Monday, January 25, 2010

Bullet which killed Frimpong recovered

Saturday, January 23, 2010 (Page 3 Lead)

THE bullet which ended the life of the former Deputy Managing Director of the Ghana Commercial Bank (GCB), Mr Rokko Frimpong, has been recovered.
The prosecutor in the case involving five soldiers who were alleged to have murdered Mr Frimpong yesterday told the Osu District Magistrate Court that the bullet had been forwarded to the Police Forensic Laboratory for examination.
Assistant Superintendent of Police, Mr Patrick A. Morkeh, however, did not give details about how, when and where the bullet was recovered.
The soldiers — Sergeants Michael Arthur, Richard Somuah and Lamptey Haizel and Corporals Charles Ankumah and Emmanuel Antwi — have been accused of murdering Mr Frimpong, who was deeply involved in the re-denomination exercise three years ago.
They have, accordingly, been charged with two counts of conspiracy and murder but their pleas have not been taken.
Responding to the prosecutor’s submission, counsel for the soldiers, Mr Joe Aboagye Debrah, did not take kindly to what he termed “the prosecution stories”.
He said the prosecution had put the defence team in a “legal limbo” because it had not taken the pleas of the soldiers to enable the defence to apply for bail.
Counsel stated, for instance, that the prosecution filed neither the bill of indictment nor the summary of evidence and stressed that “the prosecution only comes to court with stories”.
Mr Debrah argued that it was public knowledge that a docket on the same matter and involving different persons was currently in the Attorney-General’s office.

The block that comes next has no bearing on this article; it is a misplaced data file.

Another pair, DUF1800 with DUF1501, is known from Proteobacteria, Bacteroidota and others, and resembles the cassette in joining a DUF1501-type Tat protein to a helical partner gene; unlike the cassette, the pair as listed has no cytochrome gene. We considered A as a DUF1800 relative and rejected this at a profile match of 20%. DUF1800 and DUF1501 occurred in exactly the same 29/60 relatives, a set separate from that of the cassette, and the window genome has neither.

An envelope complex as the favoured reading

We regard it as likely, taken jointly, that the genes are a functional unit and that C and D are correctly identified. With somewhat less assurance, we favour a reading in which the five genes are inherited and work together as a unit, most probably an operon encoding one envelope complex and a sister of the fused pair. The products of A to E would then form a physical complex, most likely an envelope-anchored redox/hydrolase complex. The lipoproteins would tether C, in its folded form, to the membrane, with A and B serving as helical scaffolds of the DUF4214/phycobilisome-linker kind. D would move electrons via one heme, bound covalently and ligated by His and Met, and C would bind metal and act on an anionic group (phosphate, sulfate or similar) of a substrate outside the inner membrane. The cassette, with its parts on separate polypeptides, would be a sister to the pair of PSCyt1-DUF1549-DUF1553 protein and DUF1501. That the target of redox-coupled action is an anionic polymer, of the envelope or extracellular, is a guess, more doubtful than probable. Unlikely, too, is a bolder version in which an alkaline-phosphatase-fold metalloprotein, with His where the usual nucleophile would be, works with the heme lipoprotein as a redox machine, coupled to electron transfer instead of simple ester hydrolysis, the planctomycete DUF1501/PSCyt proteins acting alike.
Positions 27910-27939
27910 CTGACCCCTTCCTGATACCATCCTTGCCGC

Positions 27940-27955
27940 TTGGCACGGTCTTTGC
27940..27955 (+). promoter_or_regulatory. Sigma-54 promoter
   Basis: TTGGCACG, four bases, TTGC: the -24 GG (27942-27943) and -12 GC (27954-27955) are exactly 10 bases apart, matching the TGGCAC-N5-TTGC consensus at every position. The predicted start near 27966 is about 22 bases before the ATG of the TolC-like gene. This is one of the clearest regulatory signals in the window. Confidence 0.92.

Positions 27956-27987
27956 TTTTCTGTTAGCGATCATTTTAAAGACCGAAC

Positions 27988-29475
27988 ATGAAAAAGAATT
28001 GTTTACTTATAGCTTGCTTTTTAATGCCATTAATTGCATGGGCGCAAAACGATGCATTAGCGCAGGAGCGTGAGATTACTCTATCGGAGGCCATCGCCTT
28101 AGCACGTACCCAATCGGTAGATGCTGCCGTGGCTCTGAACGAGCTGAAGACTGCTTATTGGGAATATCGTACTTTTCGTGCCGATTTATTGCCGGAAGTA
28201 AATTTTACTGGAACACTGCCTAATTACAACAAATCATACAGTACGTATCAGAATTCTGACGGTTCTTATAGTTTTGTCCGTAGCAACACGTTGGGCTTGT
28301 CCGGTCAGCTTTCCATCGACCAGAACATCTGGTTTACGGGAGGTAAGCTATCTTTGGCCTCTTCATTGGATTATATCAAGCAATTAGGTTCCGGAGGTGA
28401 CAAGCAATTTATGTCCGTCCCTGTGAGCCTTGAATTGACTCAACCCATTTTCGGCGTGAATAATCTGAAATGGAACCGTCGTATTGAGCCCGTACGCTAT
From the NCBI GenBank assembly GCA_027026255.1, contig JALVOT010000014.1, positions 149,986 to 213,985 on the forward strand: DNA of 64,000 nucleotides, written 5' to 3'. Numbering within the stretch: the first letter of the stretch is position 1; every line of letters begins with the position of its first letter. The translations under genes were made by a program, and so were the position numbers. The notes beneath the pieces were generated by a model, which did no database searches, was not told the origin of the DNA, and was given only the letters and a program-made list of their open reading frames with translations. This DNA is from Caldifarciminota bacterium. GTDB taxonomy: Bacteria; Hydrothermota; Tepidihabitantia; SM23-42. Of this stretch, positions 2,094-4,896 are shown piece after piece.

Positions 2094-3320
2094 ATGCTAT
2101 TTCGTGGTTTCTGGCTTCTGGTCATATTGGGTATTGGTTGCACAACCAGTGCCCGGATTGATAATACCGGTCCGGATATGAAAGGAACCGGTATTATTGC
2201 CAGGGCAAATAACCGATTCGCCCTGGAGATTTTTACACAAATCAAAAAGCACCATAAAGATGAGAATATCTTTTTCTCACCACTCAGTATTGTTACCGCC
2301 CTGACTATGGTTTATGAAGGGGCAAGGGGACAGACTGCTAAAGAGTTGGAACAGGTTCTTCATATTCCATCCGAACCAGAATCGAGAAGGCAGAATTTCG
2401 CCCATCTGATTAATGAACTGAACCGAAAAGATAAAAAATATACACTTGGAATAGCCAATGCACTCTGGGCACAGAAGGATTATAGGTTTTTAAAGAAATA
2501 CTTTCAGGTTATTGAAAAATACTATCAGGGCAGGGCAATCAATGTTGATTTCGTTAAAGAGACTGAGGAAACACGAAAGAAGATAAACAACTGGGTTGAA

He described the accused persons as “fine soldiers” who had served their country well, pointing out that it was, therefore, unfortunate that they had been treated in such an unfair manner.
He said parties in the matter had a responsibility to ensure that the accused persons had an expeditious and fair trial.
Counsel, therefore, prayed the court to compel the prosecution to define the case properly, as well as ensure a speedy trial.
The court, presided over by Mr Emmanuel Bart Brew Plange, directed the prosecution to furnish the court with the bill of indictment, the summary of evidence and the results of the forensic laboratory examination.
He, accordingly, remanded the accused persons to reappear on February 4, 2010.
Family members of the soldiers wept uncontrollably when the soldiers were escorted out of the courtroom by security personnel.
The facts of the case, as presented by the prosecution, are that the soldiers were instructed by a superior officer to kill Mr Frimpong, who was said to have uncovered some fraudulent deals in the re-denomination exercise which incriminated some former top government officials.
According to the prosecution, the five were recruited by their superior officer (name not provided in court) at the 64 Infantry Battalion to eliminate Mr Frimpong, who was said to have uncovered the rot involving some former top-ranking government officials.
Reacting to the prosecution’s assertions, counsel for the soldiers maintained that his clients were innocent, adding that he would prove the innocence of the accused in due course.
The soldiers were picked up barely 72 hours after the Human Rights Court, presided over by Ms Charity Irene Danquah, had, on December 15, 2009, ordered their immediate release from the custody of the Bureau of National Investigations (BNI).
The court ordered the release of the five after defence lawyers had argued that their clients’ continued detention was a flagrant abuse of their human rights, as enshrined in the 1992 Constitution, especially when the BNI failed to give a tangible reason for their continued detention.

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